Alpha-synuclein mutations have been implicated in promoting the pathogenesis of Parkinson disease in many ways. The most well-studied are toxic gain-of-function mutations that promote abnormal protein folding and aggregation. Mutant alpha-synuclein may not only circumvent ubiquitin-dependent degradation, but also lysosomal-autophagy degradation via the lysosomal-associated membrane protein 2 (LAMP2A) receptor (Cuervo 2004; Martinez-Vicente 2007), and this may occur by altering affinity to ligands and receptors (Bertoncini et al 2005). It is speculated that oligomeric rather than polymeric alpha-synuclein is the true toxic compound, and strategies utilizing RNA interference, antibodies, or even the oligomerization blocker, rifampicin, have been or are being tested for possible therapeutic benefit (Masliah et al 2005; Fountaine and Wade-Martins 2007; Ono et al 2007). In support of this notion, inhibition of SIRT2, a regulator of histone deacetylation, can ameliorate alpha-synuclein toxicity while promoting large aggregate formation. Aside from implying oligomeric alpha-synuclein in neurotoxicity, it also links histone deacetylation to protein degradation, which is consistent with the observation that histone deacetylation is required for autophagy.
Alpha-synuclein mutations may also damage neuronal membranes by catalyzing the production of hydrogen peroxide (Turnbull et al 2001). Furthermore, alpha-synuclein mutations cause impaired dopamine storage (Lotharius and Brundin 2002). Other identified mechanisms include impairment of the mutant alpha-synuclein with dopamine transmission and synaptic integrity (Chandra 2005), membrane excitability, and vesicular trafficking (Cooper 2006); see the review by Gupta and colleagues (Gupta et al 2008). Clearly, given the complexity of alpha-synuclein interaction, what is needed in the future is to elucidate the main targets of alpha-synuclein to delineate the pathway that critically contributes to the development of Parkinson disease.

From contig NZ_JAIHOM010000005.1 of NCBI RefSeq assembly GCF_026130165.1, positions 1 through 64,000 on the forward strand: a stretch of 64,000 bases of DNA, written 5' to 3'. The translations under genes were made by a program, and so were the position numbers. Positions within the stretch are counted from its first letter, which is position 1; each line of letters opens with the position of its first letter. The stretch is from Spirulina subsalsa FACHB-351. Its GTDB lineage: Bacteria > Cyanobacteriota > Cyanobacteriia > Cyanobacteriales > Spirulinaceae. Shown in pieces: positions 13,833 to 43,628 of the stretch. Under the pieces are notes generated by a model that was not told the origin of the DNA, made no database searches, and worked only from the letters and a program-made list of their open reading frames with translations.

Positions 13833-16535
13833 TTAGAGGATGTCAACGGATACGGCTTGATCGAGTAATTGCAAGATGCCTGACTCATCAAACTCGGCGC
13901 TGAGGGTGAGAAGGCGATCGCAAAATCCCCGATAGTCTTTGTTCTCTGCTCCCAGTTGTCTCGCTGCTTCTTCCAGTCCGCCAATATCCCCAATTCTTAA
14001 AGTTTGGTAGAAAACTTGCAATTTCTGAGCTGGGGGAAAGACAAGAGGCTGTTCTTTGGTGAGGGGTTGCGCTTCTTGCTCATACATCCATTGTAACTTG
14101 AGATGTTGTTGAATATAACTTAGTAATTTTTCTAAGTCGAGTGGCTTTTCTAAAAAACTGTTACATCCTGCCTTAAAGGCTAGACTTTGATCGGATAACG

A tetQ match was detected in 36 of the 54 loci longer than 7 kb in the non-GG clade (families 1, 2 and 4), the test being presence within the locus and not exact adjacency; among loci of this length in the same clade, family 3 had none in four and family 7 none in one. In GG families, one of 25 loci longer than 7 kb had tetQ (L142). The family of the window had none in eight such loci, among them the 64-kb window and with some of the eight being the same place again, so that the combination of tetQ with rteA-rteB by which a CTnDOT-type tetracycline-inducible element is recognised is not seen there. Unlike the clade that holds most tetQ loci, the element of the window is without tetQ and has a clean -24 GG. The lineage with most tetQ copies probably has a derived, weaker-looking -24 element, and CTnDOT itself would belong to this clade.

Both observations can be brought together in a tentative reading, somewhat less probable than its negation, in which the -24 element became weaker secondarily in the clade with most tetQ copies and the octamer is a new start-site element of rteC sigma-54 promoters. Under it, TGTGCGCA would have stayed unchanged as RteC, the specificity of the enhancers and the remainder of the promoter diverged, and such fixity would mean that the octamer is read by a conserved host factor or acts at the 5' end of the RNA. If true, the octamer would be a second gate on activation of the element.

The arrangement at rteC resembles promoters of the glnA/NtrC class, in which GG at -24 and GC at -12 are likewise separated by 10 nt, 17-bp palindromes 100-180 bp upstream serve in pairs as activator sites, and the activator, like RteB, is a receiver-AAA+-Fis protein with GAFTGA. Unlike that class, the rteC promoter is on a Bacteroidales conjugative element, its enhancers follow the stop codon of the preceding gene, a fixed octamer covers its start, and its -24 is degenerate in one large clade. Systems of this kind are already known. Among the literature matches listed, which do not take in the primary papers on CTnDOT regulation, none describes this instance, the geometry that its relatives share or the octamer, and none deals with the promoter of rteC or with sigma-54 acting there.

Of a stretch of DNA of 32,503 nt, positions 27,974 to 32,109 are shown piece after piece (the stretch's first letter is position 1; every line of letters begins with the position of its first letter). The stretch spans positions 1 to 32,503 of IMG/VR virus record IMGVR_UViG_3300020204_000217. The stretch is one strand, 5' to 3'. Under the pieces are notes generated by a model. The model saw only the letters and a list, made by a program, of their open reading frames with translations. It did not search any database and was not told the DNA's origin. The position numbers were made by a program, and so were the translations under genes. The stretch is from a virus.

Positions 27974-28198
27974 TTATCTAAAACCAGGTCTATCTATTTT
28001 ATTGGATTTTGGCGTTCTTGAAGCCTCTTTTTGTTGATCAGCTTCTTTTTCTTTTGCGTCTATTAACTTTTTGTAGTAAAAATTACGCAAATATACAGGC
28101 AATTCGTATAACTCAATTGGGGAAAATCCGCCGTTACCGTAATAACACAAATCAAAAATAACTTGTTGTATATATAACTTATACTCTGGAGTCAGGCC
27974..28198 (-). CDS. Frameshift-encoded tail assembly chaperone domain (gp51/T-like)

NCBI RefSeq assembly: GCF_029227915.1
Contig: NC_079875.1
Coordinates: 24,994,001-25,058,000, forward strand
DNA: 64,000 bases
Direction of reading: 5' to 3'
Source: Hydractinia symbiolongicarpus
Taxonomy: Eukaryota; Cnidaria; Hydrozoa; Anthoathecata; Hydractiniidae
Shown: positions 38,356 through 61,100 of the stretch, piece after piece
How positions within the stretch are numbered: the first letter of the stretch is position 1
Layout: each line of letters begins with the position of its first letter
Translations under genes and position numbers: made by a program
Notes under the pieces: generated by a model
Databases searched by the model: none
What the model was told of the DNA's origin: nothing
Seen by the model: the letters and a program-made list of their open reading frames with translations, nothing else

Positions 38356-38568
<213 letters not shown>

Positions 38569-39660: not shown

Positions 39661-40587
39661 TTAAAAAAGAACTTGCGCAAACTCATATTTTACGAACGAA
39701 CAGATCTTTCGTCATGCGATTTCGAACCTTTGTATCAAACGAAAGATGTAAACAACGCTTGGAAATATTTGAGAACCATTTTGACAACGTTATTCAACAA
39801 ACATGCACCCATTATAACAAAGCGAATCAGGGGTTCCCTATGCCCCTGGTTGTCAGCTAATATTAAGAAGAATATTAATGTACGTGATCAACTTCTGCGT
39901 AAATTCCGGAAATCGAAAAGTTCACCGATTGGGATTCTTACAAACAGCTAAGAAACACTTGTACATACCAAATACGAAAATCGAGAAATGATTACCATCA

The importance of mitochondrial dysfunction in the development of Parkinson disease has been supported by several crucial discoveries over the recent years. Much of this evidence is derived from the observation that some of the recessively inherited genetic Parkinson disease cases encode for genes involved in mitochondrial function, particularly PTEN-induced kinase-1 (PINK1) and DJ-1. Animal models of loss-of-function mutants of PINK1 have shown mitochondrial dysfunction, which, intriguingly, can be rescued by parkin, but not vice versa. This finding is critical in that it suggests a linear pathway, with PINK1 being upstream of parkin, and elucidates a nodal point in signaling that could be very effectively targeted for drug development. A proposed mechanism as to how PINK1 regulates mitochondrial function is by phosphorylating key substrates that are involved in various mitochondrial activities, such as TRAP and HtrA2, proteins both involved in mitochondrial stress signaling (Alremni et al 2007; Plun-Favreau et al 2007; Pridgeon et al 2007). Intriguingly, HtrA2 was found to be associated with the Parkinson disease locus 13 (Strauss et al 2005), indicating yet another Parkinson disease gene in a potentially linear signaling pathway, but this association has recently been challenged (Kruger et al 2011). Along these lines, DJ-1 has been proposed to act as a regulator of oxidative stress by scavenging mitochondrial peroxide (Andres-Mateos et al 2007) and stabilizing the antioxidant master regulator, Nrf2 (Clements et al 2006).
Aside from mitochondrial physiology, DJ-1 and PINK1 were found to have additional roles in cell signaling. DJ-1 affects dopamine signaling by regulating its transcription (Goldberg et al 2005; Zhong et al 2006), which may indicate a synergistic mechanism with alpha-synuclein (see above). It was also shown to regulate apoptosis in dopaminergic neurons by inhibiting the proapoptotic protein Daxx and pyrimidine tract-binding protein-associated splicing factor, which possesses transcriptional silencing activity involved in neuronal apoptosis (Xu et al 2005). Using small interference RNA to target PINK1, wild-type PINK1 participates in the protection of dopaminergic neurons (Deng et al 2005), likely through inhibition of apoptosis (Petit et al 2005).